The World Health Organization released numbers on Monday morning as part of its “Global Status Report on Road Safety 2015,” prompting the Wall Street Journal to promote a headline on social media titled “11 Deadliest Places to Drive.” I came across the article as I was scrolling through my news feed and noticed that the United States ranks sixth on WSJ’s Deadliest list with more than 34,000 traffic deaths per year, trailing densely populated countries like China and India. Also tucked in the report: The U.S. ranks first in the percentage of traffic deaths in cars. More on that in a sec.
You can click here for a comprehensive look at the WHO report, but here are some highlights in the meantime:
- 105 countries have good seat-belt laws that apply to all occupants;
- 47 countries have good speed laws defining a national urban maximum speed limit of 50 Km/h and empowering local authorities to further reduce speed limits;
- 34 countries have a good drink–driving law with a blood alcohol concentration (BAC) limit of less than or equal to 0.05 g/dl as well as lower limits of less than or equal to 0.02 g/dl for young and novice drivers;
- 44 countries have helmet laws that apply to all drivers, passengers, roads and engine types; require the helmet to be fastened and refer to a particular helmet standard;
- 53 countries have a child restraint law for occupants of vehicles based on age, height or weight, and apply an age or height restriction on children sitting in the front seat.
The stats seemingly provide positive news given how many cars/drivers there are on the road. In fact, this year’s total traffic-related deaths (1.25 million around the world) are slightly down from last year’s total.
The bad news, however, is that the numbers are still way too high, and the U.S. is No. 1 when it comes to the percentage of traffic deaths in cars at 64 percent; meaning 64 percent of most traffic deaths took place in cars, as opposed to a pedestrian who may have been struck by a vehicle while walking. That’s higher than Russia, Iran, Brazil and China, the next five respective leaders, one of which has a gross population that’s more than triple the number of people living in the U.S.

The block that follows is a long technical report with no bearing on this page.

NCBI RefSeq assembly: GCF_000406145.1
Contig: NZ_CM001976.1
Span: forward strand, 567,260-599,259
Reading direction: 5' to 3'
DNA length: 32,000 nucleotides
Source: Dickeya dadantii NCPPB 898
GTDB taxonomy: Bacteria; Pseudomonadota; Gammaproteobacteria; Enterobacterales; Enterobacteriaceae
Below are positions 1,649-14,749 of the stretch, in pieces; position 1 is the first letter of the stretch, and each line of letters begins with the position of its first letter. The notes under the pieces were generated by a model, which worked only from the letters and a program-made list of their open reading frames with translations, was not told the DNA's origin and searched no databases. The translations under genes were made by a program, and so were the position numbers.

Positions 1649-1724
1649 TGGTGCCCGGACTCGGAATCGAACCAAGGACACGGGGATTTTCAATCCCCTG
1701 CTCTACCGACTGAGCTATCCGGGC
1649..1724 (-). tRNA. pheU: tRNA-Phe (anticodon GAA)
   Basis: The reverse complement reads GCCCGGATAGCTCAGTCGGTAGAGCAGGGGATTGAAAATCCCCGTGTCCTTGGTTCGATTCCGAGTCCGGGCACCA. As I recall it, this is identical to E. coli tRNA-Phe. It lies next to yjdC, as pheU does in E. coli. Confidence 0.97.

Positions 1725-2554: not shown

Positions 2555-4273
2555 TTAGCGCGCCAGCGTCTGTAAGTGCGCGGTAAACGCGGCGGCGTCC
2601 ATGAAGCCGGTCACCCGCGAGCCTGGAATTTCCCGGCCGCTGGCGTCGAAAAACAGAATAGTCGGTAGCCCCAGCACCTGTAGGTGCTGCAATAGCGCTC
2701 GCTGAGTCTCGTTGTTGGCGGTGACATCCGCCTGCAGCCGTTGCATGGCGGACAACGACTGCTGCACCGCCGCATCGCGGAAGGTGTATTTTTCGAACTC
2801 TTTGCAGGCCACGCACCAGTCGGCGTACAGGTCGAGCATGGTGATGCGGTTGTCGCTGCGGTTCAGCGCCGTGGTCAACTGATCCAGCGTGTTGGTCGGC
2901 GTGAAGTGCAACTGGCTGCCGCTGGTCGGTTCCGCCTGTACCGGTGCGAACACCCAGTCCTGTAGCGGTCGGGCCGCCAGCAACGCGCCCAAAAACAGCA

What does the WHO report mean as it relates to drivers in the U.S.? On the surface, it could mean that many of us are simply bad drivers. More likely, it means that driving laws in the U.S.—whether it involves seat belt enforcement, hours-of-service laws, or speed limit restrictions—need to be re-evaluated. The WHO noted in its report that countries that have the most success reducing the number of road traffic deaths have done so through legislation and an emphasis on enforcement.
If you’re like us, that means taking a closer look at lax trucking legislation that could spell problems down the road. Earlier this month, Jay wrote about semi-trucks getting heavier by the ton, and we’ve been keeping watch on a law that may eventually allow 18-year-olds to get behind the wheel of a 40-ton tractor-trailer. Insurance policies are capped at a level that often proves meager for truck crash victims, forcing many of them to battle it out in court for an equitable sum. Here in Illinois, for example, the state increased the maximum speed limit at the beginning of the 2015 for trucks in certain rural parts of the state—from 55mph to 60mph. The question safety advocates were asking: was it really necessary?
The bottom line with regard to all of this is that, yet again, the driving laws in the U.S. need to be looked at with a more critical eye. As mentioned, traffic-related deaths have decreased in comparison to years past: that’s a shred of progress, but it’s still happening too slow. It’s time to start moving a little faster.